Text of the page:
Siege Of Los Angeles
The "Siege of Los Angeles" was a military occupation by the United States Marines of the Pueblo de Los Angeles during the Mexican-American war.
On August 13, 1846, early in the American invasion of California during the Mexican-American War, the US Navy, under Commodore Robert F. Stockton, sent an occupying force of fifty US Marines, under USMC Captain Archibald H. Gillespie into the Pueblo de Los Angeles and raised the American flag without opposition, as Mexican government officials fled Alta California. A rudimentary US barricade called Fort Hill was hastily built overlooking the small pueblo.
The Mexican–American War was an armed conflict between the United States and Mexico from 1846 to 1848 in the wake of the 1845 U.S. annexation of Texas. Mexico claimed ownership of Texas as a breakaway province and refused to recognize the secession and subsequent military victory by Texas in 1836.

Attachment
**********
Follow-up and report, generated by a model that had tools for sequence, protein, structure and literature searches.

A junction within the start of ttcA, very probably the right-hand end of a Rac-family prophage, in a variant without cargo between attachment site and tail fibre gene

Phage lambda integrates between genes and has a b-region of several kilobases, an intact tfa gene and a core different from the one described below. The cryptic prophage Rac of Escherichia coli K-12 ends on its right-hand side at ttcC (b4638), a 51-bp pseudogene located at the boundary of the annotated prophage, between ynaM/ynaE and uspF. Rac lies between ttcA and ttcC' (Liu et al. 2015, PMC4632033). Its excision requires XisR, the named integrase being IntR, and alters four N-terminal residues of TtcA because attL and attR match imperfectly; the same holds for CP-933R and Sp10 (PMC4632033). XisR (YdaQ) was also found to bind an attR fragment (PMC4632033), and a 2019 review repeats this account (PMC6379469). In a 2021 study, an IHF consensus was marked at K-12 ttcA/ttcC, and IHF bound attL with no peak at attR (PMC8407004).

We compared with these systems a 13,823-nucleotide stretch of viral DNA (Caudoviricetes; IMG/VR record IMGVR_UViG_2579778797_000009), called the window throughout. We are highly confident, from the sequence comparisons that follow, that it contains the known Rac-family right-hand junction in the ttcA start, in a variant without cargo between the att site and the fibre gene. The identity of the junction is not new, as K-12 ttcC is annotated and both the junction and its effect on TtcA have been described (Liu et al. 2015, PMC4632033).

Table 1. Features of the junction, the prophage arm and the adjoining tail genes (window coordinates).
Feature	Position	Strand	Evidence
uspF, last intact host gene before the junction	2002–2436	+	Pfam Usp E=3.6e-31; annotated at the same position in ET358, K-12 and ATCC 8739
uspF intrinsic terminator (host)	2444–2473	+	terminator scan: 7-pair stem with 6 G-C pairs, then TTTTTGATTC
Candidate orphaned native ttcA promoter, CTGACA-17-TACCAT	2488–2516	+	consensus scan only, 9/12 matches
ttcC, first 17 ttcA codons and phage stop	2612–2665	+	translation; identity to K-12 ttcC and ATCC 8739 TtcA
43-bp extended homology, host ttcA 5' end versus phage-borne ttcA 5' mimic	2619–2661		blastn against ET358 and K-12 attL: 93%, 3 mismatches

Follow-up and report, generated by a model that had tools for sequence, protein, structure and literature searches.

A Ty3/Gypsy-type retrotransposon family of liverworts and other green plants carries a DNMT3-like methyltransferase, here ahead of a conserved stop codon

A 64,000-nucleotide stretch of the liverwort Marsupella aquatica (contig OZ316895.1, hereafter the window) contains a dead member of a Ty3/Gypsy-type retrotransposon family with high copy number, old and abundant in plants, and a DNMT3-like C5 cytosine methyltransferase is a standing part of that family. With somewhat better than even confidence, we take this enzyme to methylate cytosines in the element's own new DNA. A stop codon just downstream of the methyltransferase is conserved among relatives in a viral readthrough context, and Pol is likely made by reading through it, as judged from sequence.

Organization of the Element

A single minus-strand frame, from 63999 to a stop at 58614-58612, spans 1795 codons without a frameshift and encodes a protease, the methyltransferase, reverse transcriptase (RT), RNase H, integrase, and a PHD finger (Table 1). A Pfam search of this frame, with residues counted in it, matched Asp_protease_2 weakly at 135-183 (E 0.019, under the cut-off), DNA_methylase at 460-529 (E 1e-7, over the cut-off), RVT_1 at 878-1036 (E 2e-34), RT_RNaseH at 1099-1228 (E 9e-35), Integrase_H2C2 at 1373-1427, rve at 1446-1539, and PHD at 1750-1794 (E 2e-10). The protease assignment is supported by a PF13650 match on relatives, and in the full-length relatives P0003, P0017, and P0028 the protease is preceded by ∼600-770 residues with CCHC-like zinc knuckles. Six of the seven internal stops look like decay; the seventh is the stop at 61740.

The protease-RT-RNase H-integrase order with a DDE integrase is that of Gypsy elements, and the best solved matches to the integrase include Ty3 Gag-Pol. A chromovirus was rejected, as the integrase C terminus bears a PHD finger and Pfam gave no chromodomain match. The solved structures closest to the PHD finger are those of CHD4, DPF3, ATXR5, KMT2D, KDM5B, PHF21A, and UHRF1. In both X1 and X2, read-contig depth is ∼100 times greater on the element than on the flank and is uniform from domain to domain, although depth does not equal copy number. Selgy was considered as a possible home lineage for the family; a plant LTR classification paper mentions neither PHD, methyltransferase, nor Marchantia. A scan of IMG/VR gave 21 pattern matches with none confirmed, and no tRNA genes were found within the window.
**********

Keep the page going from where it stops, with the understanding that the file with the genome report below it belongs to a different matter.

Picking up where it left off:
In the U.S. the conflict is often referred to simply as the Mexican War and infrequently as the U.S.–Mexican War. In Mexico, terms for it include Intervención Estadounidense en México (American intervention in Mexico), Invasión Estadounidense de México (American[a] Invasion of Mexico), and Guerra del 47 (The War of '47).
The most important consequences of the war for the United States were the Mexican terms of surrender under the Treaty of Guadalupe Hidalgo, in which the Mexican territories of Alta California and Santa Fe de Nuevo México were ceded to the United States. In Mexico, the enormous loss of territory following the war encouraged its government to enact policies to colonize its remaining northern territories as a hedge against further losses. In addition the Rio Grande became the boundary between Texas and Mexico, and Mexico never again claimed ownership of Texas.